I know, I know…I’m going to hear it for this one.
I’m going to get raked over the coals, probably called some names…maybe even a hater. After all, it was only the San Francisco 49ers first preseason game. The starting offense played one series…one series! Still despite that, Sacco’s going to nitpick QB Colin Kaepernick? After three pass attempts, Al’s got the nerve to go after our quarterback?
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I guess I am, although I don’t want to. But his play made me nervous, as if I was watching a replay of the same bad movie.
The reason was that two of the three passes I saw Kaepernick throw Saturday night were basically a microcosm of exactly what his issues have been over the past couple of years. It’s as if he fell right back into old habits, even though he reportedly spent all offseason working to break them.
Pass one was just fine. Kaepernick hit his favorite target, WR Anquan Boldin, for 14 yards while in the shadow of his own endzone for a first down. Great start. Especially when you consider the team was backed up so far in their own end.
The second attempt started out beautifully, as Kaepernick had all of the time in world to set himself and unleash a deep ball to the 49ers big ticket free-agent signing, WR Torrey Smith. Smith was open, as he beat two defenders on the right side. Kaepernick simply over-threw him.
Now building a rapport with a new wide out takes time, and Kaepernick and Smith are still clearly feeling each other out. Throws that are off in Week 1 of the preseason could be right on target in Week 5 of the regular season, and all of this will look like some writer just over reacting.
This could very well be true, but it’s Kaepernick’s past performance in this area that has me worried about how he and Smith will ultimately gel. Believe it or not, the 49ers actually threw deep (20-plus yards) more often than all but six teams in 2014. However, on 69 attempts, Kaepernick only found his mark 22 times (32 percent). He managed four touchdowns but was also intercepted five times.
To his defense, Kaepernick didn’t exactly have much in the way of burners at his disposal last year, but those numbers still don’t speak for much in terms of accuracy on the deep ball.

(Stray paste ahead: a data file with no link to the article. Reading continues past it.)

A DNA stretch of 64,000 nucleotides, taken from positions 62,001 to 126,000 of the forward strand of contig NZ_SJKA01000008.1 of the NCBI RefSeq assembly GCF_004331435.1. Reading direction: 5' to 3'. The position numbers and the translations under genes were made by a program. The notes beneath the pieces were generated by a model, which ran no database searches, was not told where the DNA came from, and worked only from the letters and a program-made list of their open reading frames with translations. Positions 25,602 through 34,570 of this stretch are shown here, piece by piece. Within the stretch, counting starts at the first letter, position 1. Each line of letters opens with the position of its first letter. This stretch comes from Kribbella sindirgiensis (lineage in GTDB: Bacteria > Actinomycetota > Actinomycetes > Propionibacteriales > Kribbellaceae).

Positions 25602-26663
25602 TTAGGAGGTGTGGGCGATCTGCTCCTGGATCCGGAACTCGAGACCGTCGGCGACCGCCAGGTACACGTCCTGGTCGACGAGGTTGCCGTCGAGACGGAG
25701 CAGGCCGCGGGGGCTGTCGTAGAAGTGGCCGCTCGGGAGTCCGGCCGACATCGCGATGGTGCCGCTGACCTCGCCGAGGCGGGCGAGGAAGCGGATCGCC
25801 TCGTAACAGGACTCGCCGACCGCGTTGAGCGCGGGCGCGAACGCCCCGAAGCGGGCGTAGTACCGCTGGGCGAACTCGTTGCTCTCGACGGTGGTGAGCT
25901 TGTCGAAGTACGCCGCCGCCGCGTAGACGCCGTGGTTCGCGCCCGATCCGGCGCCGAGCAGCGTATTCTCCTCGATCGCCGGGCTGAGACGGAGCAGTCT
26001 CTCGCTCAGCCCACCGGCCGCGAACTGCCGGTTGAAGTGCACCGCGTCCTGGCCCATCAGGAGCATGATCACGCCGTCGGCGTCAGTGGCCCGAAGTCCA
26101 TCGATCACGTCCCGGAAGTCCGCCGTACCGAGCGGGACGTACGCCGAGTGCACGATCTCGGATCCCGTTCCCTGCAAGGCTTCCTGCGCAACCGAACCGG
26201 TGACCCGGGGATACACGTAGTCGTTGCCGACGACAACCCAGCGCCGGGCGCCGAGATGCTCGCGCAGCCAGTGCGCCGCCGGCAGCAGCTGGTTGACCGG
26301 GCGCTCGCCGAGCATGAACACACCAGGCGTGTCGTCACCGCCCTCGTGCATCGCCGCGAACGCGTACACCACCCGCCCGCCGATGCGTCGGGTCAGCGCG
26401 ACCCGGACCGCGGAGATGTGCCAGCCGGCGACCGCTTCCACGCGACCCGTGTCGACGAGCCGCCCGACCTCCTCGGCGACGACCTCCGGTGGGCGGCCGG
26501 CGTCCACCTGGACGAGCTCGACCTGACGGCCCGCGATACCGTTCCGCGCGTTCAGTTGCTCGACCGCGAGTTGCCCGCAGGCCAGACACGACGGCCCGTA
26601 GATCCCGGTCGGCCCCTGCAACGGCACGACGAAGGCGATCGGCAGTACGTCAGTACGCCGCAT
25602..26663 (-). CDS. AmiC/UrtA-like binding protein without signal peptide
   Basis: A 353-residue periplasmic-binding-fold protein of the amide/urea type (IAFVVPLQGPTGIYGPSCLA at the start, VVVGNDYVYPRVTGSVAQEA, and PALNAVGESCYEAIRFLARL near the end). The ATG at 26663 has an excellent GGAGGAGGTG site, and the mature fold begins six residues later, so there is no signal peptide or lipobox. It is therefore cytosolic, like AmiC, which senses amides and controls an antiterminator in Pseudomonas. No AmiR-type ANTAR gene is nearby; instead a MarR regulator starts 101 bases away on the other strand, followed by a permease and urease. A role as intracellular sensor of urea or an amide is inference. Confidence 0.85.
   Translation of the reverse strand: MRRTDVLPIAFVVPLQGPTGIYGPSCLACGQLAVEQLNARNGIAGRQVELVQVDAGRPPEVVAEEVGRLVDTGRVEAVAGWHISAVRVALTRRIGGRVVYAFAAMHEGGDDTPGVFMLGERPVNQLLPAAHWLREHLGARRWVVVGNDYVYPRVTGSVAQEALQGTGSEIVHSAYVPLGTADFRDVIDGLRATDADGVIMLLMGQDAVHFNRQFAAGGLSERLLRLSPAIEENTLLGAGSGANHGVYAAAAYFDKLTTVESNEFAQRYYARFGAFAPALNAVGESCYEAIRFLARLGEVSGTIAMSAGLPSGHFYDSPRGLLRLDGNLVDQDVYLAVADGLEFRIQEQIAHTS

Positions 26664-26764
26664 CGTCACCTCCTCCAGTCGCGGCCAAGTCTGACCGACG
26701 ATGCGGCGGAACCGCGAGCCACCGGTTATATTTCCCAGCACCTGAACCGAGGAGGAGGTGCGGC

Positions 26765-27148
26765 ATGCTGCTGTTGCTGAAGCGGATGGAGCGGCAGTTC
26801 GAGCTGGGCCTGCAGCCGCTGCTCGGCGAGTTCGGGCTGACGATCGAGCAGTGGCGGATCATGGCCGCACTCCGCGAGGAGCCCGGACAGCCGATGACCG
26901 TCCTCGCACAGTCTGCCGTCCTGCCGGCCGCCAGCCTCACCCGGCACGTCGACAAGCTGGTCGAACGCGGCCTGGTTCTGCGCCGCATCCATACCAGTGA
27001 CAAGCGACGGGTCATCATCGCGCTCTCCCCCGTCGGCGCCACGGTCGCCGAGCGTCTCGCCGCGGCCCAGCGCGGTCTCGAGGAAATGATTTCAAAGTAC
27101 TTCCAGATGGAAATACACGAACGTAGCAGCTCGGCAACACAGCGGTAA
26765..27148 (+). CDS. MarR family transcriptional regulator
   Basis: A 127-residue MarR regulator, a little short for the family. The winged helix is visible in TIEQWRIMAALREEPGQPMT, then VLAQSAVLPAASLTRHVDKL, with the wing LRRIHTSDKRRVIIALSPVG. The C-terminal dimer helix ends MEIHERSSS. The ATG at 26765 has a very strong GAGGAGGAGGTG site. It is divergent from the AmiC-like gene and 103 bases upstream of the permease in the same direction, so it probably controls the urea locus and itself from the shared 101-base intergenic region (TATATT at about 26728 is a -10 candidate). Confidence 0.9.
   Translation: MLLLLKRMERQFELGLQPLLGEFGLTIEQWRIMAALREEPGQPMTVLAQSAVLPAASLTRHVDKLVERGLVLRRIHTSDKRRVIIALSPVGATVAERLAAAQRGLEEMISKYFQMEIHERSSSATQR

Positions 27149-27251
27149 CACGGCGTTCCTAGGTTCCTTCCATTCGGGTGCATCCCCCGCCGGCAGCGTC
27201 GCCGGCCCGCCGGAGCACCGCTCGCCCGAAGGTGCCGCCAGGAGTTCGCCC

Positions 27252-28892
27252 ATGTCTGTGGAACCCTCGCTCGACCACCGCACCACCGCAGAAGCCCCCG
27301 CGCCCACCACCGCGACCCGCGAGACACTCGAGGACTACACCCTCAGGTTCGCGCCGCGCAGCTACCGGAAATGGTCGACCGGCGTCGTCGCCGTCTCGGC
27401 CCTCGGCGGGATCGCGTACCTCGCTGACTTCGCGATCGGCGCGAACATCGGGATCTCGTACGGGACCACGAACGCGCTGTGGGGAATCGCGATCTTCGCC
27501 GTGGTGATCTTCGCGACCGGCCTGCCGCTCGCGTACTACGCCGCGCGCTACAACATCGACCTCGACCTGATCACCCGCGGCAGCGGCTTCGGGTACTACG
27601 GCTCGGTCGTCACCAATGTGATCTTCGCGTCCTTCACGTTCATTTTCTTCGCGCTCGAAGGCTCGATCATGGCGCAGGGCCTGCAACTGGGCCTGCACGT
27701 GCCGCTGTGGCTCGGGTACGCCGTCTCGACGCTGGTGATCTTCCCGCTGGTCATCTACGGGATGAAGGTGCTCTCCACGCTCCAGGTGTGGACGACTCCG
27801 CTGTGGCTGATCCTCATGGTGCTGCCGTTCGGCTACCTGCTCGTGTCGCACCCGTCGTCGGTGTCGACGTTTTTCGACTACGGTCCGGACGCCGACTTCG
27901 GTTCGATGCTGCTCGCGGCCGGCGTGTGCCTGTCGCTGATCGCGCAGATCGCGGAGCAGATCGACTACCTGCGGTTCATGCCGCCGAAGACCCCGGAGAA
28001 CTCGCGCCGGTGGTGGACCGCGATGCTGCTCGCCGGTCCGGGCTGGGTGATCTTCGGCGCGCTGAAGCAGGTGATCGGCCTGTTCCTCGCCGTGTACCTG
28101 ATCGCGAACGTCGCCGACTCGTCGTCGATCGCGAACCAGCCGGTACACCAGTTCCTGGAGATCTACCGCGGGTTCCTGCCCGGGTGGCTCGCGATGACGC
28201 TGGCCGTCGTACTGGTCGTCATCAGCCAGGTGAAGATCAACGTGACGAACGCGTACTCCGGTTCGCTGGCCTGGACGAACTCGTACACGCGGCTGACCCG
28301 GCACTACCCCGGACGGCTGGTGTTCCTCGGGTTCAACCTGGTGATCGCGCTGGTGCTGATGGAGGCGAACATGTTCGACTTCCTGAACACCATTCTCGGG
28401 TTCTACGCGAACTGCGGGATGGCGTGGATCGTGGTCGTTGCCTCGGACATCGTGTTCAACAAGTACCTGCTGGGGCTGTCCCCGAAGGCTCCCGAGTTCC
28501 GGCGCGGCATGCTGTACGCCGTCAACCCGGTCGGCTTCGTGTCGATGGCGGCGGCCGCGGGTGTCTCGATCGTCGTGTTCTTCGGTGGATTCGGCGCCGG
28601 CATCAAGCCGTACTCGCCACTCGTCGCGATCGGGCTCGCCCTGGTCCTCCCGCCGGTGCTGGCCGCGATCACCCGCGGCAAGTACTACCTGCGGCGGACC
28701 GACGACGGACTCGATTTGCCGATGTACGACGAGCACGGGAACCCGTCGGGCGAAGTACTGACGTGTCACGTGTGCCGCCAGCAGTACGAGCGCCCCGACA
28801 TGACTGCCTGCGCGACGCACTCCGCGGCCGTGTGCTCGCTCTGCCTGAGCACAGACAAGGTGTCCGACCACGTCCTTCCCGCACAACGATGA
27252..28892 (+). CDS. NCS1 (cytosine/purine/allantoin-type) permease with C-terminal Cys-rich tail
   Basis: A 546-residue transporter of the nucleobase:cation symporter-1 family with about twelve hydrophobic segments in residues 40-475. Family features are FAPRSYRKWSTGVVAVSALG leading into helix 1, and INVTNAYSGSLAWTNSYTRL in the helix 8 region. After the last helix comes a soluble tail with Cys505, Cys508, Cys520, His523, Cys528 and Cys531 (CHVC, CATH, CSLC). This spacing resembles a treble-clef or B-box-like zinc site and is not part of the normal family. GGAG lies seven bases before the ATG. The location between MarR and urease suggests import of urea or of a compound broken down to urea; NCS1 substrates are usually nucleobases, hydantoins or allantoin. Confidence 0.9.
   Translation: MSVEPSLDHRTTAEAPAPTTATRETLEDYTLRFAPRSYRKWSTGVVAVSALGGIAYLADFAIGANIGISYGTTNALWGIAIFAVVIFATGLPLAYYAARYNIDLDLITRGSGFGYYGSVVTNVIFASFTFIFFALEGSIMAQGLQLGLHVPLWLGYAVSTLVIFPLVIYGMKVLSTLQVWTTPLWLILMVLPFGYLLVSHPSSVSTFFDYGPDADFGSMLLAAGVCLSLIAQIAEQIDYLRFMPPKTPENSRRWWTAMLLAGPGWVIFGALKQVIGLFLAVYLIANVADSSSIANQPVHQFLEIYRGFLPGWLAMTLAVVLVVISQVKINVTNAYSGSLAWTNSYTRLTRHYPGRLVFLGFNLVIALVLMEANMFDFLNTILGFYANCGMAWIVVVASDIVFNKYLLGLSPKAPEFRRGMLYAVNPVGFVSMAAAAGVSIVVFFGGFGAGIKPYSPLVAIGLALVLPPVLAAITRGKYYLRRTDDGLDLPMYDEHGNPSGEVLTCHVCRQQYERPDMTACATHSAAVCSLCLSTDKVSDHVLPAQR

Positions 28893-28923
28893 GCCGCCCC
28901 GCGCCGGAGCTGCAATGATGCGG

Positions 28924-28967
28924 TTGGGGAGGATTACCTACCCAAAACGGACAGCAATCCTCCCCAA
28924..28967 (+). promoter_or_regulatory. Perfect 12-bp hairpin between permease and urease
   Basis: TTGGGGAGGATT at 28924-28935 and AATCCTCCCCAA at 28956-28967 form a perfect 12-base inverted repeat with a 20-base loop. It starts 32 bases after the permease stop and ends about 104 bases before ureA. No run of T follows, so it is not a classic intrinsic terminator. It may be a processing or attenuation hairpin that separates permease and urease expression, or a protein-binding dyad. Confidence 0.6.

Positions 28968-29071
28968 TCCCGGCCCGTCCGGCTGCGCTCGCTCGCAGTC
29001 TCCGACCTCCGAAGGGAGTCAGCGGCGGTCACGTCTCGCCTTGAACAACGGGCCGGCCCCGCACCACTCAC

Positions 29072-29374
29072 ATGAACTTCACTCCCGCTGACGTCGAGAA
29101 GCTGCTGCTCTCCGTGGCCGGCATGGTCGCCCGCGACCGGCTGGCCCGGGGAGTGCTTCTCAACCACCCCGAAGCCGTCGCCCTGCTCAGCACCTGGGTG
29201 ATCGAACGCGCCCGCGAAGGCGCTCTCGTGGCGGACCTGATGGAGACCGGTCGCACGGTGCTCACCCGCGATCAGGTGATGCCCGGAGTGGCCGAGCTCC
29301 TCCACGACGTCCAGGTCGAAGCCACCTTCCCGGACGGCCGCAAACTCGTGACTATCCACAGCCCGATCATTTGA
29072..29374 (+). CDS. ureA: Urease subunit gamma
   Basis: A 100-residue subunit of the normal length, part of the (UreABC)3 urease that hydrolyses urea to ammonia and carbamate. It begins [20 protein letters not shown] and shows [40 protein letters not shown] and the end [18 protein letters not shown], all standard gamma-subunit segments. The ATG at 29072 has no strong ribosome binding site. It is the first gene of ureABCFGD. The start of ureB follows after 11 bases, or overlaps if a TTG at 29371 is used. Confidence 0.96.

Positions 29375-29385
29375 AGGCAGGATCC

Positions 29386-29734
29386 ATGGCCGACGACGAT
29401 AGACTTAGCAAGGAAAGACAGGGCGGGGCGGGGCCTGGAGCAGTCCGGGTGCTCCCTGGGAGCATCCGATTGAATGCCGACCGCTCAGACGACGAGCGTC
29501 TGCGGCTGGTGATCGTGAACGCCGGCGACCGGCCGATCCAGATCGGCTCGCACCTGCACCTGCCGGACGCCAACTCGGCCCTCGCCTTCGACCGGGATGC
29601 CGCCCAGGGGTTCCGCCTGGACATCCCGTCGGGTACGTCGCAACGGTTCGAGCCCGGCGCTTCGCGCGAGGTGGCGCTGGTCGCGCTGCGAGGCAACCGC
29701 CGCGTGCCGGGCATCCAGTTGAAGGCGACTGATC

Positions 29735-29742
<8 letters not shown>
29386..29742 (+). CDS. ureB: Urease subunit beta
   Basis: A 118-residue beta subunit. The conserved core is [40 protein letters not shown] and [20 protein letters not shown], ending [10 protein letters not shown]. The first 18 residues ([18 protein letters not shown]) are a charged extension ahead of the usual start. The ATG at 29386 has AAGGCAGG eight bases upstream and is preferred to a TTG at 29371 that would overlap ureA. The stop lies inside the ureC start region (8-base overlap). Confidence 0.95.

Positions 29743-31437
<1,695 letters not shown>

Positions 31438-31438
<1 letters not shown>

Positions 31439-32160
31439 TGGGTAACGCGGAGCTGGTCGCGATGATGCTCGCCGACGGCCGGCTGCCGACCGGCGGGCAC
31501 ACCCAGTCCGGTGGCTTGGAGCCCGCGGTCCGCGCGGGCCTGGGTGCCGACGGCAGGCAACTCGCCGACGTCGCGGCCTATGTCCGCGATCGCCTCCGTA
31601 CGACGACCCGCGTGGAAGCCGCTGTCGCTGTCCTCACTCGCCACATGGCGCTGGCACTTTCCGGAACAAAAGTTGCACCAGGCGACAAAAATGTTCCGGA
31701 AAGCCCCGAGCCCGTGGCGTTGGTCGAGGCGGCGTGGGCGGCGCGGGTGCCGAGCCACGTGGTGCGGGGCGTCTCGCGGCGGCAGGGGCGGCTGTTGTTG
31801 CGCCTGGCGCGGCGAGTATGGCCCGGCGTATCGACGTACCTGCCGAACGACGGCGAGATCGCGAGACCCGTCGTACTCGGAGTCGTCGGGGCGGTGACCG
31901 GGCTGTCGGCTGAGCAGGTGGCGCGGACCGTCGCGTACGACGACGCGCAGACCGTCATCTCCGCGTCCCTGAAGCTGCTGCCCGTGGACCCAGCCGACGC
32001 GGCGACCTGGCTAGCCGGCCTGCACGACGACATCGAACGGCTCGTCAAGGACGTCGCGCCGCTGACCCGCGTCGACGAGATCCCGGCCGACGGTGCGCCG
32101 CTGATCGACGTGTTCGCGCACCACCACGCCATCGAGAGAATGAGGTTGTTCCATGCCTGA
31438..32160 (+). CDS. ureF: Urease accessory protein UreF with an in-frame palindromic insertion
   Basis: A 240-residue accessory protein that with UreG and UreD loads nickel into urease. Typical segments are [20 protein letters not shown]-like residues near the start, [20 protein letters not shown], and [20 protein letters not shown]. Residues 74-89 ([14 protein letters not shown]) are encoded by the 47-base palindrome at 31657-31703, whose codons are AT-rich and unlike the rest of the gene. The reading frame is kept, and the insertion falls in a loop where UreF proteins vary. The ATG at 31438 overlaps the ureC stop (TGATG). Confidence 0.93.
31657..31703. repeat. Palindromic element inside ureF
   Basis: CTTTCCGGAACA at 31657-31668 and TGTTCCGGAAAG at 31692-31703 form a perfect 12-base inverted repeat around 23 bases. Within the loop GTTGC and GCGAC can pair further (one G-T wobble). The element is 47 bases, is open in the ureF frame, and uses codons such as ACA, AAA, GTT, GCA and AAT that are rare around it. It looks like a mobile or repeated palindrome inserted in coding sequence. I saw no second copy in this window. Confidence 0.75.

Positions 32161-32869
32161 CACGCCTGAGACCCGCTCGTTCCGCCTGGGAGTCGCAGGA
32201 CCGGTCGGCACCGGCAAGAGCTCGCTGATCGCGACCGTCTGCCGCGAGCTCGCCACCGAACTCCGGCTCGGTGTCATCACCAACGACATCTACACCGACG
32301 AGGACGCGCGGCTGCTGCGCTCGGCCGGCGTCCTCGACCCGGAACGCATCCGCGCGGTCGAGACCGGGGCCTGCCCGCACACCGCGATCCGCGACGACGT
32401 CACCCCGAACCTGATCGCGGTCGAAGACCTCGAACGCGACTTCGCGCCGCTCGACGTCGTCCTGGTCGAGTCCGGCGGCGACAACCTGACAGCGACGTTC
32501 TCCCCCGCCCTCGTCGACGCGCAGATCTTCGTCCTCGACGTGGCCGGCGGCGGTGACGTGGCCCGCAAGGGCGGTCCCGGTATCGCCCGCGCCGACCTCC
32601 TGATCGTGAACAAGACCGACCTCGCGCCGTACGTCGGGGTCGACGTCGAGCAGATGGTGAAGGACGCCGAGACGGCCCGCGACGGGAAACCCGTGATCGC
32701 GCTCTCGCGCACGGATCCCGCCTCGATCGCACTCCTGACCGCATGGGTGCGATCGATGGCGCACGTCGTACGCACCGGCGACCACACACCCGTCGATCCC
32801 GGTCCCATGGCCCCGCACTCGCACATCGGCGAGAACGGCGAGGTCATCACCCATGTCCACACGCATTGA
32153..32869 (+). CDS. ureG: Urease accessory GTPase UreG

The third time Kaepernick dropped back was probably to most concerning for me. Probably his biggest issue over the past couple of year has been breaking the pocket too early and running himself out of a possible completion. This was exactly what happened here.
I admit, I didn’t have the benefit of the game tape to see exactly what Kaepernick saw downfield. Maybe the coverage was locked down and there was nowhere to go with the football. Also, the rush was coming, and it did look the like the pocket was about to collapse. But to my untrained eye, it appeared as if Kaepernick had another second or so to hang in the pocket and look the make a good throw. A second may not seem like a lot, but it can be an eternity as far as a quarterback is concerned, and could be the difference between a positive and negative play.
Instead of staying put as long as he possibly could, it seemed as if Kaepernick broke away at the first sign of pressure and started running around. He eventually ran to the right sideline and threw the ball away for an incompletion. It was a sequence the 49ers and their fans have seen all too many times, and is the reason so many drives have ended prematurely.
Look, I’m not trying to destroy Kaepernick here. I’m really, REALLY, pulling for him. If he’s not the guy, the 49ers have a big problem, and he must show he can take that next step this year. While he has ample weapons around him, the offensive line is in flux and we aren’t sure exactly what the defense will be yet. This is a team screaming for their quarterback to take the next step and make them a yearly contender. San Francisco needs him to be the kind of player that can make them a playoff team just because he’s behind center.
We all hope that he can be that, and if I’m eating my words in the next couple of months I’ll be a very happy person. But Kaepernick has to show us more this season, especially when the lights turn brightest come Week 1.